May is the month most thru-hikers begin their quest of the Pacific Crest Trail. I started at the pictured three wooden pillars on May 7, 2007. That picture was taken just before dawn at the Mexican border. Some hikers trek south from Canada to Mexico, but most hike north.
The PCT is a magnificent hike. Much of it takes place along a "crest" with scenic views of the Sierras and other mountain chains. Starting from the south, you begin in flat and dry terrain. The first day, I drank five liters of water as I tramped twenty miles north to reach the next guaranteed water spot.
Another picture shows Crater Lake in Oregon. This exquisite lake (deepest in the US) was formed from the crater of a volcano, and the hump you see in the lake is a volcanic cinder cone.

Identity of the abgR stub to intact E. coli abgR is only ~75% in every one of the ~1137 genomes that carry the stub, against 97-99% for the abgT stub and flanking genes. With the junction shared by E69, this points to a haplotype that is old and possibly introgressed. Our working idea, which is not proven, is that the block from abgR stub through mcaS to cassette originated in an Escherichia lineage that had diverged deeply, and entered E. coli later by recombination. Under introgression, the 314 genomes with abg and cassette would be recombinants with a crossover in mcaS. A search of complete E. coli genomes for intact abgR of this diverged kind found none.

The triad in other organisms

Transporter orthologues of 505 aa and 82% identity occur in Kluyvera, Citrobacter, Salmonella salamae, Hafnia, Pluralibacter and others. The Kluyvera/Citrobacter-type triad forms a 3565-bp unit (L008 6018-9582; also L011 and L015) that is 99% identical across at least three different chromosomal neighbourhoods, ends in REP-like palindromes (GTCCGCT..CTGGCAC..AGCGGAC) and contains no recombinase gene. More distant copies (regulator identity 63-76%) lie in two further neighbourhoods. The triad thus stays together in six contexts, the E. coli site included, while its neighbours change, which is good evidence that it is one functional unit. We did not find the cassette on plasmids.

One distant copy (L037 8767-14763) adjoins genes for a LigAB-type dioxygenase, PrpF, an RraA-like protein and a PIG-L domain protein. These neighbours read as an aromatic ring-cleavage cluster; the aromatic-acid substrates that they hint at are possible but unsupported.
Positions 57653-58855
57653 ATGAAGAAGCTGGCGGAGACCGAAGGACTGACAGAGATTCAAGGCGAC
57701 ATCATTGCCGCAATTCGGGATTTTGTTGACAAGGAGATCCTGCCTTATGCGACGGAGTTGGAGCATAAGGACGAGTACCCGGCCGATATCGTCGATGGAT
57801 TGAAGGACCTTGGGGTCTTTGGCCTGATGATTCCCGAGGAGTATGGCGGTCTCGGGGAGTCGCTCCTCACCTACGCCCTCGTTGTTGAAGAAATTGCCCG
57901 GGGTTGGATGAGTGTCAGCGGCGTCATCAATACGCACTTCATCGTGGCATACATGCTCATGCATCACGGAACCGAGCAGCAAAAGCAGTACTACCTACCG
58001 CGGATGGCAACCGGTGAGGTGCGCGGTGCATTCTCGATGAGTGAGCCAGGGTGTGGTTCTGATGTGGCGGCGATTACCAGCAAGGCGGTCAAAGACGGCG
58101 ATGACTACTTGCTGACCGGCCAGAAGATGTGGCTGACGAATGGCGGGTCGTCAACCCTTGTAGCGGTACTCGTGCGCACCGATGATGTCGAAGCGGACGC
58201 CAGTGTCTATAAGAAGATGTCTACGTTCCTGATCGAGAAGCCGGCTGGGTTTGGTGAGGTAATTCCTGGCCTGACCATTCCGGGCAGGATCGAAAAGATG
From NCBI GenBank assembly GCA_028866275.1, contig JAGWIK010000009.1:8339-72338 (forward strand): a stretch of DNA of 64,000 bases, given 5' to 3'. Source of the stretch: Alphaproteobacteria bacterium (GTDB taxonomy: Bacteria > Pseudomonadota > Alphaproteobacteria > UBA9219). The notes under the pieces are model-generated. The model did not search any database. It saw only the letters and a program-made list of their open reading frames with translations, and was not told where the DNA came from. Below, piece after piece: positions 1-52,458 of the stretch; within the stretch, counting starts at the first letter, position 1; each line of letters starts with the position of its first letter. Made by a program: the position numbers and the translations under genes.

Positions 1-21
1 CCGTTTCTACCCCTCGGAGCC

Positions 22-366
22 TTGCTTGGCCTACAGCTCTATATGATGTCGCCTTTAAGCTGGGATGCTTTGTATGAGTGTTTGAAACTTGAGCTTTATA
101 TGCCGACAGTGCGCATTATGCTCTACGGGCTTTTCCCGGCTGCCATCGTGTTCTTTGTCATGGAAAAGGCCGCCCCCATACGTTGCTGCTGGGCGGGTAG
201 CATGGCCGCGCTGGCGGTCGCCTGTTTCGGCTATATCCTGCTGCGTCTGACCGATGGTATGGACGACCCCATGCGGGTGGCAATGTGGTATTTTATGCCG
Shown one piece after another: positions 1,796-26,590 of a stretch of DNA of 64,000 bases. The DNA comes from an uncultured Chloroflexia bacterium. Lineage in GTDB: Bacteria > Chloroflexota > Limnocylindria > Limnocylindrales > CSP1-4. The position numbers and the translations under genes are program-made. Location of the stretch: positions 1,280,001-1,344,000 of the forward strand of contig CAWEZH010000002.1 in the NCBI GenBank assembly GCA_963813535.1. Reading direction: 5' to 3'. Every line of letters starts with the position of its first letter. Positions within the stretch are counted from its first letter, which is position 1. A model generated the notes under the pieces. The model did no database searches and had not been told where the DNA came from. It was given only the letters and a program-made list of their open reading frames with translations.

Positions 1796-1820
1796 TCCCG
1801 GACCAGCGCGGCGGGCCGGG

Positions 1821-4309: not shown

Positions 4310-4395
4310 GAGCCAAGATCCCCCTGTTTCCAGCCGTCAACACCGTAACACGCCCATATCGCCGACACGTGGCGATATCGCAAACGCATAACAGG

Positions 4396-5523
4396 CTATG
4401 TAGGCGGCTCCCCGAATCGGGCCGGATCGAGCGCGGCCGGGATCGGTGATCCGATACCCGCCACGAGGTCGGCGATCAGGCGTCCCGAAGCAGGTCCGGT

A highlight of hiking the PCT is the traverse you make of Yosemite National Park. You hike right through it, and, for a while, the PCT actually follows the famed John Muir Trail.
Timing is everything when you plan a PCT thru-hike. If you start too early, to avoid the seasonally increasing temperatures in the southern desert, you will encounter unmelted, impassable snow in the Sierras. Start too late, and you not only have to contend with the arid and dry south, you will be stopped by frigid autumn weather and snow in the northern cascade mountains.
When your planning works, the Pacific Crest Trail is the hike of a lifetime.